We believe this project to be highly sustainable. Now that the pond is established, it will be used by all classes as a learning resource. It will provide opportunities for exploration and investigation with children able to conduct pond-dipping and other sampling activities. There has already been a focus on writing across the school, with children describing their experiences throughout the project, explaining the purpose of the pond and sharing their thoughts and ideas for its use and future developments. We have also increased the number of partners with whom we have contact meaning there is greater scope for working together in the future. This would allow future generations of children to benefit from experiences in working with employers, developing skills for learning, life and work.

Pond Week has also inspired our children, staff and community to further develop the school with an increased focus on collaboration. We already have well-established initiatives in place that we can build upon and we intend to continue to explore ways of increasing biodiversity, learning together and developing greater enterprise through producing foods from home-grown products whilst developing greater inter-generational links within the community. All of this, we believe, will enable sustained positive relationships to enhance the learning of all within the school and community.

Throughout this project and as it moves forward into its next phase there will be a huge emphasis on the United Nations Sustainable Development Goals. Through growing our own fruit and vegetables and having these available we can help to reduce hunger at least in our immediate community (2: Zero hunger).

The children in our school are increasingly in touch with nature and the world around them, they are demonstrating compassion for the environment which is beginning to show in their relationships with each other. Our children enjoy being outside and working together and there is no doubt that the impact of this on their mental wellbeing is immeasurable (3: Good health and wellbeing).

Did you incur any costs?

Parent Council

We have an incredibly pro-active and engaged Parent Council who are keen to support the work and ethos of the school. The largest expense was the pond liner. Our Eco-Committee wrote a letter to the Parent Council, outlining their plans for the pond and the potential benefits not only to their learning but to the environment too. Within their letter, the children included some researched examples of suitable liners with balanced arguments for cost versus quality. They sought to find the best possible deal and included these examples, with web-links, in their letter for the consideration of the Parent Council. The Eco-Committee was awarded a generous contribution for the full cost of the liner which meant that they could carry out the necessary preparations for the pond.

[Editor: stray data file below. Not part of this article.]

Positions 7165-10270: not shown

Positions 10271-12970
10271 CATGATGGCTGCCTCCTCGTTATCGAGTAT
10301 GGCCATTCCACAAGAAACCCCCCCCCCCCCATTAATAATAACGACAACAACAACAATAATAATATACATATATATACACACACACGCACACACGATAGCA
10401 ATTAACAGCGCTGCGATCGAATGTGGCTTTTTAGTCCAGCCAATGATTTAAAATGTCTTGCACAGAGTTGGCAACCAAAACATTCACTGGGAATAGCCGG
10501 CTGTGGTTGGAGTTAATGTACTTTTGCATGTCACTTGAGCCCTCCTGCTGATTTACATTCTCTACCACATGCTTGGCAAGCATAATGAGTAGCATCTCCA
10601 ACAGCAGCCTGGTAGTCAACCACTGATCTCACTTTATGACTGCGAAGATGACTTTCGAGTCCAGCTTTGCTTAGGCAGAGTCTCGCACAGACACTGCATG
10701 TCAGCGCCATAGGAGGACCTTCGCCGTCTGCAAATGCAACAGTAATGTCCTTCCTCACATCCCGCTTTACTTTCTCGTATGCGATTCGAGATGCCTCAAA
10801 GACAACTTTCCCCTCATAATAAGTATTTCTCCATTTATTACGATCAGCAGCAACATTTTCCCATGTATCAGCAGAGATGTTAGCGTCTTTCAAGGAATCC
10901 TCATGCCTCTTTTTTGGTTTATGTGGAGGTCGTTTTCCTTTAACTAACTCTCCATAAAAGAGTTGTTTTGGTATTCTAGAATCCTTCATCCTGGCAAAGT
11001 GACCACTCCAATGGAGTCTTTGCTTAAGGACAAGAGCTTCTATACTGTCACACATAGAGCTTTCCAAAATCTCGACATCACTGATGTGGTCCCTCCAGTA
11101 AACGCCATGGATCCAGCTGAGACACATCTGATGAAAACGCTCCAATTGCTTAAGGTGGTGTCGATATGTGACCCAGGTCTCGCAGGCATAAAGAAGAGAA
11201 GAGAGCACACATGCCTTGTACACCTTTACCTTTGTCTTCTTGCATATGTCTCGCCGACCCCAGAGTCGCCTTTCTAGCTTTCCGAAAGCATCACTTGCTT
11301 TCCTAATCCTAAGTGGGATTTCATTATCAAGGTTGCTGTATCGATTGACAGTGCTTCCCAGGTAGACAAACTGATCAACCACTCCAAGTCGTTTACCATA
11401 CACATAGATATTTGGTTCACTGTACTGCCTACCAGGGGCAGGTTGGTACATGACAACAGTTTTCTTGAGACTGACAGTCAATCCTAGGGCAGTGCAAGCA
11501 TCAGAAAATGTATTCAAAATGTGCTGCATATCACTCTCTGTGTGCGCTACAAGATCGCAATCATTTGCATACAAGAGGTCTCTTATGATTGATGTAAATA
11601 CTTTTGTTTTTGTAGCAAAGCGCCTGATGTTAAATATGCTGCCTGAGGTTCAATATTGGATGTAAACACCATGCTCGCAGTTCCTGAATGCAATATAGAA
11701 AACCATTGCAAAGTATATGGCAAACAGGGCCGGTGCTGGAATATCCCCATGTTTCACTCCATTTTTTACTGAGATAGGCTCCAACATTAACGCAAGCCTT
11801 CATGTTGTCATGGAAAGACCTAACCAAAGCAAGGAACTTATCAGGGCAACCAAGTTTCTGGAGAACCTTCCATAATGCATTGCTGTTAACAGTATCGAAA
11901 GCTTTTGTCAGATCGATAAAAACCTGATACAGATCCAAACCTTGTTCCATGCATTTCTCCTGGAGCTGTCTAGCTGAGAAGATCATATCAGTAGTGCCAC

The committee oversees a lot of development across the school, working closely with our 'Learning for Sustainability' leader and P3/4/5 Class Teacher Mrs Sharpe. Together, they have embarked upon several gardening projects, tree planting activities, Eco-Schools Award and recycling activities resulting in them achieving several gardening awards through RHS (we are currently awaiting the result of our 5 star gardening award – the highest accolade available to us. We have also been awarded Bronze in the green tree school awards programme through the Woodland Trust) and achieving Green Flag status. As part of their recycling work, they are involved in a number of schemes that, as well as encouraging recycling within the school and wider community, generate income for the committee. These include recycling pens and crisp packets through 'TerraCycle' and textiles through 'Rag Bag'. Each of these provides opportunities for us to reinforce the importance of recycling to reduce carbon emissions and protect the environment whilst also enabling children to measure their impact physically, in terms of mass of recycled products, and in terms of revenue gained. Again, this is done with a focus on the sustainable development goals – Goal 11: Sustainable cities and communities. This money is used by the committee to support the sustainability projects of the school, including projects such as Pond Week.

One of our partners, Ecoanolytes, provides the Eco-Committee with a product and re-fill station for their Dew Products; environmentally friendly, biodegradable cleaning products which use refillable bottles. Eco-Committee members assist in the processing of purchases during Community Café and receive a commission that they use to support their work in school. The children are passionate about the products as it allows them to pass on their message of sustainability to the wider community and further feel that they are positively impacting upon the environment (Sustainable development goal 12: Responsible consumption and production)

Local Companies